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Examiner
  • Marlee Matlin: Breaking Barriers

  • Marlee Matlin doesn't let her hearing impairment get in the way of success.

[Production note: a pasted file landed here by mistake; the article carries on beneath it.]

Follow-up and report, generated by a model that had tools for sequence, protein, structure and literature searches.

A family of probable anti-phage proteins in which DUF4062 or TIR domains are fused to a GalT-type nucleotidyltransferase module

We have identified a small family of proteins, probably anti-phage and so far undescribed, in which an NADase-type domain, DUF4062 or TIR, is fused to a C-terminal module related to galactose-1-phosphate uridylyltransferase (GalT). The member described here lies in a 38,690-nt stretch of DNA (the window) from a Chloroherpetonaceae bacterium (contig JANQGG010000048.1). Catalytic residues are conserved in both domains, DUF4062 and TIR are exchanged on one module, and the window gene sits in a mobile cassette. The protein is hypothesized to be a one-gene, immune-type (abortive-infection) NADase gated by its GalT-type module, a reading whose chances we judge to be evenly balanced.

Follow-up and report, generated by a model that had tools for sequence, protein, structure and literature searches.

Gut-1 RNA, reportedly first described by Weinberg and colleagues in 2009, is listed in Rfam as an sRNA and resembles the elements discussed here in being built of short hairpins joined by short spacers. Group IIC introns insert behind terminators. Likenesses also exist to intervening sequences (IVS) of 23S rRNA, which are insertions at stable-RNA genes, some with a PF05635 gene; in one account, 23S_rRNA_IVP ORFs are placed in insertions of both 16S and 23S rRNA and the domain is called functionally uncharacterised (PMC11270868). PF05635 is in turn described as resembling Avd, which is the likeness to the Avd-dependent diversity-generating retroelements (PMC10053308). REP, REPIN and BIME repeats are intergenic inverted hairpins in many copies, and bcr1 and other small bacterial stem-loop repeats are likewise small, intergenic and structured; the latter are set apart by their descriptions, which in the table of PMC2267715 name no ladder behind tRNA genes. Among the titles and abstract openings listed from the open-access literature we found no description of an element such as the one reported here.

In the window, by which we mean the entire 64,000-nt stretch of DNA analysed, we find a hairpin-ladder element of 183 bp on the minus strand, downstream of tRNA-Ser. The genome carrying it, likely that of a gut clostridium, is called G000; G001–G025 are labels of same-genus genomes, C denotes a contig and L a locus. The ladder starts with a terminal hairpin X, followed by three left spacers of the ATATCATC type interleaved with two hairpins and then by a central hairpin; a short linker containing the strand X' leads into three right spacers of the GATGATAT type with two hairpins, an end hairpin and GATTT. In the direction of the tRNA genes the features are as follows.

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  • When Marlee Matlin became the first deaf actor to win an academy award, for Children of a Lesser God in 1987, it was still rare for audiences to see American Sign Language (ASL) onscreen. Now two decades into her career, Marlee, 48, is still making history. Last March, Switched at Birth, the hit ABC Family TV show on which she plays guidance counselor Melody Bledsoe, aired an episode with dialogue entirely in ASL. The series, which features several hearing-impaired actors playing deaf characters, is helping to change the public’s—and Hollywood’s—perception, Marlee says. Marlee, who lost her hearing as a toddler, has lobbied before Congress to require all TV sets to provide closed-captioning. During a busy season shooting Switched at Birth and a guest appearance on Glee, the mother of four (ages 10 to 18) talked with us about her career, her advocacy and how she stays healthy through it all. What’s it like being part of the first TV show featuring more than one permanent cast member who is hearing impaired? Switched at Birth is an amazing show that accurately illustrates the culture of deaf people, rather than portraying them as victims. It’s also the first television show I’ve been on where I can be myself. I don’t have to depend on someone else interpreting for me or speaking my words. Tell us about your smart phone app, Marlee Signs. It’s a free app that offers a simple, visual way for people to learn ASL at their own pace. It starts with the alphabet, and then goes on to common expressions. A lot of parents are teaching babies sign language, too, and this offers a basic guide to ASL presented in a way that hasn’t been done before. How has technology changed the way you communicate? I love my smart phone and I live and breathe FaceTime, where I can see and talk to people, whether I’m calling my kids or someone at their school. I think social media is amazing and has helped break down barriers to traditional communication. What’s your latest cause for the hearing impaired? While closed-captioning is mandatory for television, it’s not required for networks that air program on the Internet. Legislators need to know that captions are necessary for those who are hearing impaired to follow the latest news, entertainment and information. 36 million Americans have some degree of hearing loss, and closed-captioning can also help older adults with hearing problems as well as children learning how to read. I would also like to see a mandate for text-to-911 capability, which would not only help the deaf community, but also those who find themselves in a situation—such as with an active shooter—where making a 911 voice call isn’t possible. What prompted you to undergo surgery for a cataract [the clouding of the natural lens inside the eye]? I was having problems with my eyesight, depth perception and night driving. With my hearing loss, I rely on my eyesight to an even greater extent. A vision test showed that I had a cataract in my left eye. Because of the density and advanced nature of the cataract, I had relatively new procedure: LENSAR laser surgery. I noticed an improvement immediately and I’m so happy to have my life back. You’re a mom of teens both on- and off-screen. Any advice for parents navigating the teen years? All kids are different and each has their own needs. I try to be there for each of my children—to listen, to understand, to get to know their friends and to let my children know I’m there for them. This article originally appeared as on Spry Living
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